From GloPac co-mission scientist Paul Newman:
It was a tense moment on Friday morning, April 2. The Global Hawk was poised on the end of the runway, with the crew chief behind it in a pick-up truck (“the trapper” is the runway-based eyes and ears for the crew in the control room). Pilots, managers, and scientists sat in the darkened Global Hawk Operations Center (GHOC), intently staring at their computer screens and the LCD monitors.
At 6:56 AM Pacific, the pilots commanded the takeoff from their computer and we watched the Global Hawk begin to accelerate down the runway. We listened over our head-sets as the trapper followed the jet and called out it’s speed. We watched the screen as the plane gently lifted off the runway and soared towards the stratosphere. As the Global Hawk lifted off, the scientists in the GHOC’s payload operations room broke into applause.
Why did we applaud? Two reasons. First, everyone was happy that we were flying after three weeks of hard work installing our instruments and solving a myriad of hardware and software problems.
Second, and more importantly, it was applause for the engineers, managers, and crew of the Global Hawk. Chris Naftel and his Dryden team have made the Global Hawk a reality for science.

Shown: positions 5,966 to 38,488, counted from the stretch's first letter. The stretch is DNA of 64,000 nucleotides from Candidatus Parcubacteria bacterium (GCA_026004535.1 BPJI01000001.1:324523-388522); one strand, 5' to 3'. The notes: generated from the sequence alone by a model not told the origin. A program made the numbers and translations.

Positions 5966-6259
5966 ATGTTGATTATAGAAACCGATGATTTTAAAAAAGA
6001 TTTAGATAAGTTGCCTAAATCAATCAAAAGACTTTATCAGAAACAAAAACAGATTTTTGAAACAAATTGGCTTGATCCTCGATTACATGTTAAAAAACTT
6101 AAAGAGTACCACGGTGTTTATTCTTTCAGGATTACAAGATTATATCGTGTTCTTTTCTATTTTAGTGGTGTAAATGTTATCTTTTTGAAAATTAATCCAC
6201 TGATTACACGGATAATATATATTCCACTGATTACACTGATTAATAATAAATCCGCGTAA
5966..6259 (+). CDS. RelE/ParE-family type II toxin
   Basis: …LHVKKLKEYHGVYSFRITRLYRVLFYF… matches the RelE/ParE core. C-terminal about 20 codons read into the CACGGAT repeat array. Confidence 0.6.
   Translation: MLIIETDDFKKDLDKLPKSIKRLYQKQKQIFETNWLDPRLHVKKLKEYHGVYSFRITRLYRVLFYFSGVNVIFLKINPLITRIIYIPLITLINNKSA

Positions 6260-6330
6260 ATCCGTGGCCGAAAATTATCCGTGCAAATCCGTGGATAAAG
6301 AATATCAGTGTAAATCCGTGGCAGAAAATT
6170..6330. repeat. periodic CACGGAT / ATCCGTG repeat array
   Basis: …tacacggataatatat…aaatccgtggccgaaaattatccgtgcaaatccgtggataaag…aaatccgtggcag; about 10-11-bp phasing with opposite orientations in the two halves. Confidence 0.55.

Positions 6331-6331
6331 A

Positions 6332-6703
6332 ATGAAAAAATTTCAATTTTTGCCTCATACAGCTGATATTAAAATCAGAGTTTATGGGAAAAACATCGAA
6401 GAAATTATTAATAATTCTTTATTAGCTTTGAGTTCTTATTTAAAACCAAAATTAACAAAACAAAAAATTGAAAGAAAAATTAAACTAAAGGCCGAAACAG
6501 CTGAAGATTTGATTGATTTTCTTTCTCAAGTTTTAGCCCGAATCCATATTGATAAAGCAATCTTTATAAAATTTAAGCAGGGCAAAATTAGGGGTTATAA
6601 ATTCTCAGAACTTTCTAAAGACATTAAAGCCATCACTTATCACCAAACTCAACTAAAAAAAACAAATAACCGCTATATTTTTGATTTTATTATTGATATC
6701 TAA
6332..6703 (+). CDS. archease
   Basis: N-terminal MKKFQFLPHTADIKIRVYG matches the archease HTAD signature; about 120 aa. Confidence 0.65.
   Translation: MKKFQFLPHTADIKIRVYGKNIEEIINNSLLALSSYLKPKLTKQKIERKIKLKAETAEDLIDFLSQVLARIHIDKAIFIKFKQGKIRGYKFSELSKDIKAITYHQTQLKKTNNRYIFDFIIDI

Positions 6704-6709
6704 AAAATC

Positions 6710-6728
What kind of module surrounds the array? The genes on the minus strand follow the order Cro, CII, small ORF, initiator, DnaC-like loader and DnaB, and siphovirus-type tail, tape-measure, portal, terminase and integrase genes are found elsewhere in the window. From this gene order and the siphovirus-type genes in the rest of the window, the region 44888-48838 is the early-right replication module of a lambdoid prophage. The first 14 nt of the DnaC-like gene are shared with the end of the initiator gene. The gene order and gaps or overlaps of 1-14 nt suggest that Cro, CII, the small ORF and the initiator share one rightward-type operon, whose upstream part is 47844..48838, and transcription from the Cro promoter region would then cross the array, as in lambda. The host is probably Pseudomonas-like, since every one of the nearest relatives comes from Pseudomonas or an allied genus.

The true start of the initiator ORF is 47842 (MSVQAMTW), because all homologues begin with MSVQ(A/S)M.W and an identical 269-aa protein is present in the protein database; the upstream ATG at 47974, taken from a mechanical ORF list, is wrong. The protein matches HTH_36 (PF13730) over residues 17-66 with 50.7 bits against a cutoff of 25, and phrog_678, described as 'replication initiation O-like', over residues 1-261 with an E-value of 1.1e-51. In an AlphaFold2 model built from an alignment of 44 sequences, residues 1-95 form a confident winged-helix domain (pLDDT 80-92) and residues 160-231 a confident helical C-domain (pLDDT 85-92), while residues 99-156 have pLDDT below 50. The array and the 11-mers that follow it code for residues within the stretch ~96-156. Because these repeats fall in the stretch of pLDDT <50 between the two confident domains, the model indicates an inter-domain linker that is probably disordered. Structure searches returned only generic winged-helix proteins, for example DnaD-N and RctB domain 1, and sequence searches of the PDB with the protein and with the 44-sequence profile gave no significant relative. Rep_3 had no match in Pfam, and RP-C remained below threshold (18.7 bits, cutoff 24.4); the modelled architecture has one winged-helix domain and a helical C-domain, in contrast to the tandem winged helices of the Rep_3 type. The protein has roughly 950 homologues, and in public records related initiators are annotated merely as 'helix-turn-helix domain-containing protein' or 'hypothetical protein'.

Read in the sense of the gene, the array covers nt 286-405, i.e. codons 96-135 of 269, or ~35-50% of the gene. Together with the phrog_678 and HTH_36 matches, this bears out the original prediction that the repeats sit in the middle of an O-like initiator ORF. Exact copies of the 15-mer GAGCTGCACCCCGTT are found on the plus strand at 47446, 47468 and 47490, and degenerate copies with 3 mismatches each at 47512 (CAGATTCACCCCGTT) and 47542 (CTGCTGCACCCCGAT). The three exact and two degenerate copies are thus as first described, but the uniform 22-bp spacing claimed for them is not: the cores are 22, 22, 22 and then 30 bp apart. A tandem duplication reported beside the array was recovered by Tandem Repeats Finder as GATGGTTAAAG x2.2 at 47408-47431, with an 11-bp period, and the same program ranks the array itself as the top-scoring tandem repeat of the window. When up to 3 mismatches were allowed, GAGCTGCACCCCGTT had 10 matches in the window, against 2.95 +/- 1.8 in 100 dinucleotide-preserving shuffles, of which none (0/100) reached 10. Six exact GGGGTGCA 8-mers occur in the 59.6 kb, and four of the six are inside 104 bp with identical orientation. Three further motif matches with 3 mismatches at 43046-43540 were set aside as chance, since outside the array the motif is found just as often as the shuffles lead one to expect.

NASA's Global Hawk lands at Dryden in this file photo from October 2009.
This was an historic occasion — the first test flight of the Global Hawk carrying a science payload. This flight ushers in a new era that combines state-of-the-art aircraft hardware and science instruments with software — a hybrid of satellites and aircraft for future science. I imagine that in the future there will be fleets of these aircraft probing our atmosphere and providing information for weather forecasting, hurricane reconnaissance, ozone depletion, and climate change.